This book should be placed on the reading list for all seminarians and set as a devotional text for the two million Korean Christians who have left organized Christianity so that they may follow Christ. It should also be added as the seventeenth chapter of Mark, telling the story of continued witness in the urban industrial mission of Korea and one of the most powerful moments for the Minjung since the days of Jesus Christ.
This book tells three overlapping stories: first, the life story of Rev. Cho Chi Song, a pioneer of urban and industrial missions, which served Korean society's working population; second, the Urban Industrial Mission (UIM) in Korea, which Cho Chi Song pioneered; and third, the story of how UIM provided the roots for Korean Minjung Theology. Owing to Cho Chi Song, UIM became the birthplace of missions for the working population and an enduring haven of a worker's right to life and dignity. Cho shared both tears and laughter with workers. At times moved by righteous anger, he worked to bring "healing to a sick society." Cho stands out in the history of industrial missions in that he trained and empowered a handful of ordained clergy as well as some dispossessed people to be agents of transformation. He helped working women take ownership of the Urban Industrial Mission and act as the very agents whose struggles for justice brought conviction to greedy business owners. They became potent catalysts for change in the unjust working conditions that were previously marked by very low wages and long working hours. A disciplined leader, Cho Chi Song was a constant friend to workers. Those who knew him personally could sense, in his life, a genuine depth of spirituality and godliness. UIM was one of the roots for Minjung Theology, but it is not well known outside of the UIM circle. The author, Seo Deok-Seok, was trained by Cho Chi Song.
- Publisher Fortress Press
- Format Paperback
- ISBN 9781506493664
- eBook ISBN 9781506493671
- Dimensions 5.5 x 8.5
- Pages 293
- Publication Date November 14, 2023
Chang Yoonjae, Ewha Womans University, South Korea
A man with compassion and preferential options for the workers, the Minjung, Cho Chi Song lived a revolution in the church, in the factories, in the public, and in theology. His story is moving--it captivates and motivates--and obliging. I celebrate his attention to women workers. A Gospel for Workers deserves to be on bookshelves and lived out in the streets.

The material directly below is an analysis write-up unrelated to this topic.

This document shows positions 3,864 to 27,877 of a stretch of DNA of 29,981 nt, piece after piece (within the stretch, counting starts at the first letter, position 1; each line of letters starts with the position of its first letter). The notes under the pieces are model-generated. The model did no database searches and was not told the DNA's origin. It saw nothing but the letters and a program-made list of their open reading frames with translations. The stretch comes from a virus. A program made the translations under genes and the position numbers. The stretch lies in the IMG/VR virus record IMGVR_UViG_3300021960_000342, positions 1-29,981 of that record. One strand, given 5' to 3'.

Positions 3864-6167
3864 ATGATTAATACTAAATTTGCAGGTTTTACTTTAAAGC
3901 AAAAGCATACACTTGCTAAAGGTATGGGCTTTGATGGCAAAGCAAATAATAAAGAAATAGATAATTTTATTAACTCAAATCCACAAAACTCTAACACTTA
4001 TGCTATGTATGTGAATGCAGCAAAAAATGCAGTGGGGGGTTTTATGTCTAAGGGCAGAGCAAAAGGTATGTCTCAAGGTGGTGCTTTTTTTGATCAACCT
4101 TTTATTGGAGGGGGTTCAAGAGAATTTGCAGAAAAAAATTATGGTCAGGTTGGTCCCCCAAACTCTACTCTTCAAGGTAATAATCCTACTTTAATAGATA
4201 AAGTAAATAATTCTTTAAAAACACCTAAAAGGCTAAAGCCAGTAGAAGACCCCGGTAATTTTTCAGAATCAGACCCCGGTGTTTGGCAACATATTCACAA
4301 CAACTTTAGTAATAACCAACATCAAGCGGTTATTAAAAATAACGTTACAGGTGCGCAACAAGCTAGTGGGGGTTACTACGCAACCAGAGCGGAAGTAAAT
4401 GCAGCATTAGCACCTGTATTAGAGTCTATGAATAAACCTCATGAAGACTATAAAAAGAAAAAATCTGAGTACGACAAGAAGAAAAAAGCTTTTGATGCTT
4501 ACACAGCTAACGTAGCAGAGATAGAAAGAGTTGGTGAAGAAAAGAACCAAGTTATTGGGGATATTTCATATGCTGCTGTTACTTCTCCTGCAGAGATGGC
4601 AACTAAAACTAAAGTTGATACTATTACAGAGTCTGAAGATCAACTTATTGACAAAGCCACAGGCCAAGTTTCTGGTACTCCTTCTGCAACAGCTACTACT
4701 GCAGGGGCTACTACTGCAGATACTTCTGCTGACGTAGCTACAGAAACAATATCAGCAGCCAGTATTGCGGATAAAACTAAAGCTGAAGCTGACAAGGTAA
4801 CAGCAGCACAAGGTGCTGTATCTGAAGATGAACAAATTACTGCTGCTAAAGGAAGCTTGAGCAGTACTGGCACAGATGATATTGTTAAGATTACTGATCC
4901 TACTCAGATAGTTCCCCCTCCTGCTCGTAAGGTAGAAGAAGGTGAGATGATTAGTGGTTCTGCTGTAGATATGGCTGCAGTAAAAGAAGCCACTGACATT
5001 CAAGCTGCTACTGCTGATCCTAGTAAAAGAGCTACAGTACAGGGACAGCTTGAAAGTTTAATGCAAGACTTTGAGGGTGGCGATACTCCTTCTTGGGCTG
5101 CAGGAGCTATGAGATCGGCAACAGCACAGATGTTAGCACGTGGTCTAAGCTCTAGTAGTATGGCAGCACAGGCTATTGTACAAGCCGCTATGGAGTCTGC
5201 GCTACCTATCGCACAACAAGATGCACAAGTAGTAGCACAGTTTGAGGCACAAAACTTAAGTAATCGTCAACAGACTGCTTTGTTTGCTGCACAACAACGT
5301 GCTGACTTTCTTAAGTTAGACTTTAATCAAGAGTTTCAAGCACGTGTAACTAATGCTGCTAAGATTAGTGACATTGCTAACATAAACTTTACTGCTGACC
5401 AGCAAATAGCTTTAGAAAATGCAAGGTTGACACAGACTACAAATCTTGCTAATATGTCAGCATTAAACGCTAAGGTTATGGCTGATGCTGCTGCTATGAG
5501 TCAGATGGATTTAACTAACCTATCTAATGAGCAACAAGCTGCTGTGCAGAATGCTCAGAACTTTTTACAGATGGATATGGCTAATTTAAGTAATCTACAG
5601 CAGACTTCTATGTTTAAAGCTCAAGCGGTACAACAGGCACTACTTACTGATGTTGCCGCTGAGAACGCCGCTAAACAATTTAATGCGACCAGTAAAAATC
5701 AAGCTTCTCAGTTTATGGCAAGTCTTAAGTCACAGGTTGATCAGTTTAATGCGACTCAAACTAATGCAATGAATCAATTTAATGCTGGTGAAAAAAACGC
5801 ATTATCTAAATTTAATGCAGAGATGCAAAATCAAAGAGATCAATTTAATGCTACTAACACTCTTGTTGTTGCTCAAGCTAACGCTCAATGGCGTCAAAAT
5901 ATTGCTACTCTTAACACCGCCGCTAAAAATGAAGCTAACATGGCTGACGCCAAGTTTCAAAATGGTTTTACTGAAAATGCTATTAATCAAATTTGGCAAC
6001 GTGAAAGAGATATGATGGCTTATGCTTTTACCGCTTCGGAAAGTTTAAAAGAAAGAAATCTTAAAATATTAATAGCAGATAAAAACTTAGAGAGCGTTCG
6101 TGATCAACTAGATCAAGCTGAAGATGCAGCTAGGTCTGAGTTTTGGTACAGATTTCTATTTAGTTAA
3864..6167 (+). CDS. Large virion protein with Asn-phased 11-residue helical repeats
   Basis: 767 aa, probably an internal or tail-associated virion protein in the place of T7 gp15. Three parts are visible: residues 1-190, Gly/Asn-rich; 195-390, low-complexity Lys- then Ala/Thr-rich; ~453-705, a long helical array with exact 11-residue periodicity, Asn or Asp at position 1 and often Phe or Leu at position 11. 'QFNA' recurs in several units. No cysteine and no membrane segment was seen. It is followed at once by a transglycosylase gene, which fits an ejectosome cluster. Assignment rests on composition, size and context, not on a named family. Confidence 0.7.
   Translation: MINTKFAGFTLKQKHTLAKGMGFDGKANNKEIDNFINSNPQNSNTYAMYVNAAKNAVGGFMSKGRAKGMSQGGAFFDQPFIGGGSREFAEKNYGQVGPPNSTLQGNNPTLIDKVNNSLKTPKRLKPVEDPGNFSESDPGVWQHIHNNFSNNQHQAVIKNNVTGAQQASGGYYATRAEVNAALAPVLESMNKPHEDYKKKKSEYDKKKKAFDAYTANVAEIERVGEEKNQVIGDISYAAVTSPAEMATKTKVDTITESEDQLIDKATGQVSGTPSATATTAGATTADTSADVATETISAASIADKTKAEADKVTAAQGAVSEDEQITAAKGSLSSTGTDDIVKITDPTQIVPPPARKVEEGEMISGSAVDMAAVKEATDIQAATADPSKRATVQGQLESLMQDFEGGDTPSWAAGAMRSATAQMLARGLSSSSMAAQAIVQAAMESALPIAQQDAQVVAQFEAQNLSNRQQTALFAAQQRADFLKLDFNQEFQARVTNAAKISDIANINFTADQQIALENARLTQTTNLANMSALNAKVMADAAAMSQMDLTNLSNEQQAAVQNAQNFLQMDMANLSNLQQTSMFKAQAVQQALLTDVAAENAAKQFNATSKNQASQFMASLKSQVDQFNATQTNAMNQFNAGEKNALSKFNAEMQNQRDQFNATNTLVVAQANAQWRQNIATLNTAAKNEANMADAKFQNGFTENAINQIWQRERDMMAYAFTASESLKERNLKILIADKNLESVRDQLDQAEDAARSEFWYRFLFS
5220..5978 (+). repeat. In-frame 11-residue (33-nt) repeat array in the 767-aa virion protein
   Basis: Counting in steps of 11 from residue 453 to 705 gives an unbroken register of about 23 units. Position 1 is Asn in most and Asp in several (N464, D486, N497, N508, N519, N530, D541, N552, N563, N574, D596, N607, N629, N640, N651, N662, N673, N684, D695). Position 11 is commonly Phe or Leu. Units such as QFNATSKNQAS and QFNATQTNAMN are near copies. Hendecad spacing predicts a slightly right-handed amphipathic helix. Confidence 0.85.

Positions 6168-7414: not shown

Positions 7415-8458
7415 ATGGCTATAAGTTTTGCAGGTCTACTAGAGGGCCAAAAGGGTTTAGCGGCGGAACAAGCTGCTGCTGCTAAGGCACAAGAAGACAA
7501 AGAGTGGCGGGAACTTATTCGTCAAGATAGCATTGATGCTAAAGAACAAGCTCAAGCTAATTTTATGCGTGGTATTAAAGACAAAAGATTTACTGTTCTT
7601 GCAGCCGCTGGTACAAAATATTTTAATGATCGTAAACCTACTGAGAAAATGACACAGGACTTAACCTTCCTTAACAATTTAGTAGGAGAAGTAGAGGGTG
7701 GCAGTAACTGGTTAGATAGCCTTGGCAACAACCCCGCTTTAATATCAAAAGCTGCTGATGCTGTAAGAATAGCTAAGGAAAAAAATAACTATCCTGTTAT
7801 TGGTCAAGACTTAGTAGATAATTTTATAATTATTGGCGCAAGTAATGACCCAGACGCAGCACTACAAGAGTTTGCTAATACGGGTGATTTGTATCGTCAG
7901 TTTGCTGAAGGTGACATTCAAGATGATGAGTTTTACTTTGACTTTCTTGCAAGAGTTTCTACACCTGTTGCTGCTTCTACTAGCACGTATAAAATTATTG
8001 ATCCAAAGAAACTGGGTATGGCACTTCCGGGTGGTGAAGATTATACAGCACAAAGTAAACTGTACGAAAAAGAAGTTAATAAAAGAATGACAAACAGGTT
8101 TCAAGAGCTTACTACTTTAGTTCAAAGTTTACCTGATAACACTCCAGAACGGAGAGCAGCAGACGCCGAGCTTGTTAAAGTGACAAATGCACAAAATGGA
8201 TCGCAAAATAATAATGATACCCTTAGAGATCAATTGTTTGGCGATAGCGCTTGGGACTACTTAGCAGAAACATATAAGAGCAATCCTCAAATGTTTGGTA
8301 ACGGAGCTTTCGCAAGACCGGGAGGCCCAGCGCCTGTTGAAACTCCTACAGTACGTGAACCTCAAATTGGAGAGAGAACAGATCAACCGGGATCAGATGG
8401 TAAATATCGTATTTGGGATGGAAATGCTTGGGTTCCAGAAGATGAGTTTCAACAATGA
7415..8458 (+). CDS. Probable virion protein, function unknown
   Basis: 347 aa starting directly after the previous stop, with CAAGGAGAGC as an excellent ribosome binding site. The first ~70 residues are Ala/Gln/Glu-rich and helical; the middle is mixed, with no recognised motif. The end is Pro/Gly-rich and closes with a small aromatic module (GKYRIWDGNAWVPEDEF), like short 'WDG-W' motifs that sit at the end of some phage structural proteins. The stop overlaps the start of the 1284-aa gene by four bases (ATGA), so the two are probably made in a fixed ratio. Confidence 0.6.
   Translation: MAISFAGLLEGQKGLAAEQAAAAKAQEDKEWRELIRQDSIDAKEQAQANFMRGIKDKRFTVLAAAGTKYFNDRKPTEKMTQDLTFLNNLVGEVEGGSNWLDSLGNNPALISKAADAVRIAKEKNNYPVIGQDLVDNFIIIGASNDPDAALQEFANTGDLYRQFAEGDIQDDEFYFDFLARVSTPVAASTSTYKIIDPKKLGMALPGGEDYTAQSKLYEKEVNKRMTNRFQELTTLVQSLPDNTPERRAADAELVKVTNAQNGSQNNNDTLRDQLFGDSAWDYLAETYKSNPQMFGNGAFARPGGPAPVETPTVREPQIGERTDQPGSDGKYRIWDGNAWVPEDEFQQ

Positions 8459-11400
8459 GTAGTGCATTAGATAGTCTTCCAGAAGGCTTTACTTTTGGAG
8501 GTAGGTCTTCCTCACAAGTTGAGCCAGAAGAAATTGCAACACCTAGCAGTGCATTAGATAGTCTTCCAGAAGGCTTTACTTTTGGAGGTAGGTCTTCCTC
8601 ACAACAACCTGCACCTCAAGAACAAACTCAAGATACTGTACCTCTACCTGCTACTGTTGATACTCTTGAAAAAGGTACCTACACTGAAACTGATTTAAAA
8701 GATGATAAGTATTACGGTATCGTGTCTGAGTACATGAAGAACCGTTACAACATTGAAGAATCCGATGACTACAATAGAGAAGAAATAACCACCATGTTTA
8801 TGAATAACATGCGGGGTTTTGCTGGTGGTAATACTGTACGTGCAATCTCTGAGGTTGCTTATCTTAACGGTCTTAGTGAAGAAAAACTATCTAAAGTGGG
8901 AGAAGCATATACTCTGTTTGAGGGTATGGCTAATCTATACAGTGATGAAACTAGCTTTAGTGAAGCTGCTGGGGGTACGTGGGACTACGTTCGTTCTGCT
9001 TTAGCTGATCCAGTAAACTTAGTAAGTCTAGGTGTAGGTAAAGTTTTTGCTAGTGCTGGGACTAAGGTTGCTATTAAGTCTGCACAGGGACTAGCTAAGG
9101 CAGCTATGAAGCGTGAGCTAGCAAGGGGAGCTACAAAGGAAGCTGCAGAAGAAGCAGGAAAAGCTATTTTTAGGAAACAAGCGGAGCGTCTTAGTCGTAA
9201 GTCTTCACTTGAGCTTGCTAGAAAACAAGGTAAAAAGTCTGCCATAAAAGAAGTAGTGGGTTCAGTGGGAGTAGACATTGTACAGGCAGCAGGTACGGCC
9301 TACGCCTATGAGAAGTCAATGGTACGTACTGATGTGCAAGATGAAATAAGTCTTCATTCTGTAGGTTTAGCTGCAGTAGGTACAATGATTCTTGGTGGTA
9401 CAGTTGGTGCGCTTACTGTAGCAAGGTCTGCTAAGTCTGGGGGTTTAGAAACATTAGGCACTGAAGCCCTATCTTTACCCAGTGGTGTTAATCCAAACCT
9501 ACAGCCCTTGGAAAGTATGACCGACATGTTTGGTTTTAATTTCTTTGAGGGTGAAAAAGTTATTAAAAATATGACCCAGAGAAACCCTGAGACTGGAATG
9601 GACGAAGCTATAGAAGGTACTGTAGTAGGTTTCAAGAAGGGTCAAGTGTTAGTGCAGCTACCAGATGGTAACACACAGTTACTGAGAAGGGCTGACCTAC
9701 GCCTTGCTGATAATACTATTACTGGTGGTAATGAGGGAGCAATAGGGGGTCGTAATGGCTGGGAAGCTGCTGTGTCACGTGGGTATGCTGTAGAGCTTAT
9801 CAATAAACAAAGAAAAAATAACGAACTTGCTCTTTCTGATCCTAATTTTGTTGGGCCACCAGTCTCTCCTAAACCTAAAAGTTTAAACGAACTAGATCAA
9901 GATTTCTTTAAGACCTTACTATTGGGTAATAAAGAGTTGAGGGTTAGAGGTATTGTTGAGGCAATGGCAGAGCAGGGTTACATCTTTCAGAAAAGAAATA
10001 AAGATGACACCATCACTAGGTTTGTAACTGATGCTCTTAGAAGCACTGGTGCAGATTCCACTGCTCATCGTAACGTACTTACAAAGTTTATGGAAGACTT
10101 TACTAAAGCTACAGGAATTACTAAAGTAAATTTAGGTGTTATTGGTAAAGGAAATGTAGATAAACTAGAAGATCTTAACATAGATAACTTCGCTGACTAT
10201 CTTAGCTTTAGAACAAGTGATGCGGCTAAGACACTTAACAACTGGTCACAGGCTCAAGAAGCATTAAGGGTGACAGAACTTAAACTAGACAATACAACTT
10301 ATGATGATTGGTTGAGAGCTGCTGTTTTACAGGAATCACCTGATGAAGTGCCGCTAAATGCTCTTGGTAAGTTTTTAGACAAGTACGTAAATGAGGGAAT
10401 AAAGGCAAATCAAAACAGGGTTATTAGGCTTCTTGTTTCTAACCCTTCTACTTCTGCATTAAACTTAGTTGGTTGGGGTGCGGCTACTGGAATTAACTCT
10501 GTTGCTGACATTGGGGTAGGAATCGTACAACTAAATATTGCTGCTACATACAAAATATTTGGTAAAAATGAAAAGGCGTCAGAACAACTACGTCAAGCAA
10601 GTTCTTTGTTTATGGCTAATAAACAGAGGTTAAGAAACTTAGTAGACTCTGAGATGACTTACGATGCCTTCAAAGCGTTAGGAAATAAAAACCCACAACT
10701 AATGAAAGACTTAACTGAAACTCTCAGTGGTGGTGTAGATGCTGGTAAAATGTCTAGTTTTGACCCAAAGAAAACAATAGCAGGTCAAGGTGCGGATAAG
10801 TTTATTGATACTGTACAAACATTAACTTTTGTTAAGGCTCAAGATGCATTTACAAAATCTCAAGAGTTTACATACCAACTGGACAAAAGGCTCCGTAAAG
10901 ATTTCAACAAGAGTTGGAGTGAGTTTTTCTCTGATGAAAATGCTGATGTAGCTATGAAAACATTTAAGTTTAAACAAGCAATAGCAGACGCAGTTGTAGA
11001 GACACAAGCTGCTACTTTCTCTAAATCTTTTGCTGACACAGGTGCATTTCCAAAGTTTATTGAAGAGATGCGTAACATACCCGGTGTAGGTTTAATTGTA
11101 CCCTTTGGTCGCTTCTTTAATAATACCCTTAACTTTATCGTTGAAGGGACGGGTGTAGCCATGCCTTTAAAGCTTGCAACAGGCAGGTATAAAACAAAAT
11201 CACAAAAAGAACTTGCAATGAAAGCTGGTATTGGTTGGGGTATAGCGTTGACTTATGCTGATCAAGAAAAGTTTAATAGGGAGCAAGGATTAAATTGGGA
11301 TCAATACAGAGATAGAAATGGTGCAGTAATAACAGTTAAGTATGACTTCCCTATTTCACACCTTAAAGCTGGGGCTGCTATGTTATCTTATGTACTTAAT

Monica Jyotsna Melanchthon, Pilgrim Theological College, Australia
Meeting Jesus in the coal mines, factories, and many other places of work is not just the beginning of an individual awakening but a series of profound awakenings of Christianity. The historical examples presented in this book show the multifaceted implications of such awakenings and provide insights that have the power to transform churches and a world ruled more by corporate interests than by the gospel. Highly recommended.
Joerg Rieger, Vanderbilt University, USA
A Gospel for Workers: Cho Chi Song, Yeongdeungpo Urban Industrial Mission, and Minjung is the testimony of the life and witness of a creative and courageous prophet who offered, through his public witness, alternative models of being and becoming the church in the public sphere. This is not a hagiographical work to valorise one's mentor. Rather, this is a social biography, narrating how deep solidarity with the Minjung working class could transform the cartography of Christian mission. Inspirational and transformative.
George Zachariah, Wesley Lecturer in Theological Studies, Trinity Methodist Theological College, New Zealand
A Gospel for Workers breaks new ground in the study of world Christianity and mission studies generally, and in urban and industrial mission and the origins and growth of Minjung theology in South Korea specifically. It is an essential reading for anyone who is interested in the emergence, development, and growth of Minjung theology in South Korea under the umbrella of the Yeongdeungpo Urban Industrial Mission, as well as the important role played by Cho Chi Song, who was not only a pastor and urban missioner, but an important pioneer of Minjung theology, a tireless advocate for the workers and the subaltern urban poor in Korea's period of rapid industrialization, and a key leader for the Yeongdeungpo Urban Industrial Mission.
Jonathan Y. Tan, Archbishop Paul J. Hallinan Professor of Catholic Studies, Case Western Reserve University, USA